Biographical Sketch of Alice Pierson Swetman

Biographical Database of NAWSA Suffragists, 1890-1920

Biography of Alice Pierson Swetman, 1890-?

By Siobhan M.M. Barco, J.D.

Alice Pierson Swetman was a white woman born in Florida in 1890. She received her Bachelor of Arts from Mount Holyoke College in 1913 In 1916, Alice, who by this time resided in Cromwell, Connecticut, married Ralph Waldo Swetman. The couple hosted the State Woman Suffrage Association at their Connecticut home. Alice also helped organize a campaign of open-air meetings throughout Hartford County where Helen Todd, a suffragist who had successfully helped California's women secure the vote in 1911, was the principal speaker. On June 4, 1918 Alice and her husband each received a Master's in Education from Columbia University, Alice as a Teacher in Kindergarten and Ralph as a Superintendent of Schools.

The Swetmans moved across the nation to pursue Ralph's career as a school administrator. He served as Director of Training at the State Normal School in Ellensburg, Washington from 1917 to 1918, as Director of Extension Service from 1919 to 1921, as President of the Washington Education Association in 1921, as Director of the Washington School Equalization Initiative in 1922, and as the Cubberly Fellow in Education at Stanford University in 1922. Swetman later served as the president of several Teachers Colleges such as Humboldt (Calif.) State Teachers College (1924-1930), Arizona State Teachers College at Tempe (1930-1933), and Oswego (N.Y.) State Normal School/Teachers College (1933-1947).

At Humboldt, Alice was part of a faculty wives organization called the "Crab and Culture Society." Each Friday, several faculty wives gathered and ate local fish while they sewed, discussed books, and partook in other cultural programs. As College president, Ralph supported the start of a Women's Athletic Association at Humboldt under the leadership of Laura Herron. The most notable product of this program was women's track star Elta "Cinderelta" Cartwright who helped Humboldt win a national track meet, tied the women's world record in the 100-yard dash, set a world record in the women's long jump, and was selected for the USA's first women's Olympic team in 1928.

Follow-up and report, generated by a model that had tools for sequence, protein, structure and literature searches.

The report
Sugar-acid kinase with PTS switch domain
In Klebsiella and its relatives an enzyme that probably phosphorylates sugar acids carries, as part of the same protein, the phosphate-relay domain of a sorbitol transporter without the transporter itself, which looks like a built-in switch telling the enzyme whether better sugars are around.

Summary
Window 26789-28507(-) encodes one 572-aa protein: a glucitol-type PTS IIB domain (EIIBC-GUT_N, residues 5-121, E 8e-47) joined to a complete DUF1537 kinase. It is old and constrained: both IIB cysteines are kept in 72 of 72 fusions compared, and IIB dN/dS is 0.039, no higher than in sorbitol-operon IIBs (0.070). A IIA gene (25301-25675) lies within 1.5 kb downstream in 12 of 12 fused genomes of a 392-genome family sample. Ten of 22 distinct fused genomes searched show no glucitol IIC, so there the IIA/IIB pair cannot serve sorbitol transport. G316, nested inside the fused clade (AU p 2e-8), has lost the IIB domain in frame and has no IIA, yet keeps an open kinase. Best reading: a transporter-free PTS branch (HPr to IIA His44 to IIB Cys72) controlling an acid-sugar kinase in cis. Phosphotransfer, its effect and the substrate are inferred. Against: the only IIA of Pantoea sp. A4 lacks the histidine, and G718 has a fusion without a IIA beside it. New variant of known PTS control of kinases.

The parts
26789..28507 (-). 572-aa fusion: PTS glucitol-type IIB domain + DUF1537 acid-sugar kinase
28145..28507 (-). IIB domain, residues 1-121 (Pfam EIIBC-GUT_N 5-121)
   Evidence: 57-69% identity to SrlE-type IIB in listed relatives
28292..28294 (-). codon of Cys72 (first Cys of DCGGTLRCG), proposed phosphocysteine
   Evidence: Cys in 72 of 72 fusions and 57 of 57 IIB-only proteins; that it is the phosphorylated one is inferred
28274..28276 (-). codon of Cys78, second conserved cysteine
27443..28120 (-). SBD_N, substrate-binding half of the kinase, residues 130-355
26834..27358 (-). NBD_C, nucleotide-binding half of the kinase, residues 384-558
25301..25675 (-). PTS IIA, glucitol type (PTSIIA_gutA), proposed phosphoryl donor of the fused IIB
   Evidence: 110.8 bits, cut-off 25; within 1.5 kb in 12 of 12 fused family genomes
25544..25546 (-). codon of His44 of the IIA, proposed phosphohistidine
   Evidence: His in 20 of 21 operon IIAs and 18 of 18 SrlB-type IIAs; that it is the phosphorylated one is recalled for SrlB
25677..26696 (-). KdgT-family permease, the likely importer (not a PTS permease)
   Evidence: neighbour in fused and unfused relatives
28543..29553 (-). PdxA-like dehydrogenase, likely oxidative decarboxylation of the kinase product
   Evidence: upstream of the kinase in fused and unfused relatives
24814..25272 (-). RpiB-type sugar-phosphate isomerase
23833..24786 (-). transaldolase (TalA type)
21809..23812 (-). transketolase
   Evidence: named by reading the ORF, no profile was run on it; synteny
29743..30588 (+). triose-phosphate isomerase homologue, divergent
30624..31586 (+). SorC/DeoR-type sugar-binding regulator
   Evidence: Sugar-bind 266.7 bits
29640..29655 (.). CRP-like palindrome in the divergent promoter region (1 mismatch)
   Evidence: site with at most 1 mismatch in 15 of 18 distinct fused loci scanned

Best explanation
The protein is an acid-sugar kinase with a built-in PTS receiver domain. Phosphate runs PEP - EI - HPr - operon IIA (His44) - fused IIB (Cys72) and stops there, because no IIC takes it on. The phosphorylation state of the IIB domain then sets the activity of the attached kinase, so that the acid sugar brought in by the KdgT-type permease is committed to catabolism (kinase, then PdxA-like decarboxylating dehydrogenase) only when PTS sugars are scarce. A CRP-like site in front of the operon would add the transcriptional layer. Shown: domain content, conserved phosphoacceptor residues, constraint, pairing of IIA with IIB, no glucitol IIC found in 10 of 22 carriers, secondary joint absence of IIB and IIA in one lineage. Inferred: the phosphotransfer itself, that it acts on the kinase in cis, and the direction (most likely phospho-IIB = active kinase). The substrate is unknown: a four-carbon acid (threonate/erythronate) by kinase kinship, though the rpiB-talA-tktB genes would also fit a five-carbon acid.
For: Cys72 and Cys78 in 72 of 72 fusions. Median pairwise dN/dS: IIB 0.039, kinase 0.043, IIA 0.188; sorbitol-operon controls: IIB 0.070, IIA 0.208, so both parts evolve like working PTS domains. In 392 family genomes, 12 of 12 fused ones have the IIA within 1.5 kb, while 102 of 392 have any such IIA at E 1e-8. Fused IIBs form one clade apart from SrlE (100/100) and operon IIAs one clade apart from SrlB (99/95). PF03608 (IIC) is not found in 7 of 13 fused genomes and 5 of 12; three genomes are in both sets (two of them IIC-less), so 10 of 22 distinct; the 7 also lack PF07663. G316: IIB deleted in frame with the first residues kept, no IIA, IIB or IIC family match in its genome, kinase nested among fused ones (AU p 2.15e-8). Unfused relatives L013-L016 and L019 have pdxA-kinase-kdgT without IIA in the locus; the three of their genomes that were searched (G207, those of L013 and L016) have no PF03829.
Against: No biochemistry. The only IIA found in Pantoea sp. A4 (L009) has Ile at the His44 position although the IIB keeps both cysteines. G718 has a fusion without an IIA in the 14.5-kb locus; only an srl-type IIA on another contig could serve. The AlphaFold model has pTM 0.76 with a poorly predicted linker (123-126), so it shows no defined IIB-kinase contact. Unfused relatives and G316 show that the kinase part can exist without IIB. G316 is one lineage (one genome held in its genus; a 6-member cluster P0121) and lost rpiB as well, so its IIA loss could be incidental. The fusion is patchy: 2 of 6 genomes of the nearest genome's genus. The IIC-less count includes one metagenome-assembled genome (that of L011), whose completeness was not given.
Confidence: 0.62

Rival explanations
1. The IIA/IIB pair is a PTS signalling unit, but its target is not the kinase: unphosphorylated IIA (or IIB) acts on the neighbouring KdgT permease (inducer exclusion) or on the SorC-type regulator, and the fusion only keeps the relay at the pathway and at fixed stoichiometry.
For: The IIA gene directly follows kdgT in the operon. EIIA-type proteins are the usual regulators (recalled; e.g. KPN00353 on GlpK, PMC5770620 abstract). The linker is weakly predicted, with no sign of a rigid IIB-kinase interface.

Alice and Ralph had three children together: Robert, born in Washington in 1920; Elisabeth, born in California in 1926; and Katherine, born in 1932 in Arizona. In 1947, Alice and her husband retired, moving to Boca Raton and later Coconut Grove, Florida.

A photograph of Alice can be found in:

Tanner, W. (1993). A View from the Hill: A History of Humboldt State University. Arcata: University Graphic Services. p. 32 http://www2.humboldt.edu/centennial/pdfs/view.pdf

Sources:

 

 

Cady Stanton, E., Brownell Anthony, S., Joslyn Gage, M., & Husted Harper, I. (Eds.). (1922). The History of Woman Suffrage Volume VI. New York: J.J. Little & Ives Company. p. 72 [LINK]

Columbia College. (1918). Catalogue of the Officers and Students of Columbia College, for the year 1918-1919 . p. 276

Columbia University, (1918). One Hundred and Sixty-fourth Annual Commencement, Volumes 154-165. (T. University, Ed.). New York. pp. 19, 40

Dr. Ralph Swetman Developed School to College Rank. (1957 November 12). Oswego Palladium, p. 5. Retrieved from http://www.fultonhistory.com

Tanner, W. (1993). A View from the Hill: A History of Humboldt State University. Arcata: University Graphic Services.

The New ASU Story: Leadership. (2000). Retrieved from https://www.asu.edu/lib/archives/asustory/pages/11lead.htm

University of California Register 1923-1924, Volume 2. (1923). Berkeley: University of California Press. p. 12

U.S. Bureau of the Census. Sixteenth census of the United States, 1940-Population.. Retrieved from http://www.archives.com/1940-census/alice-swetman-ny-54579137

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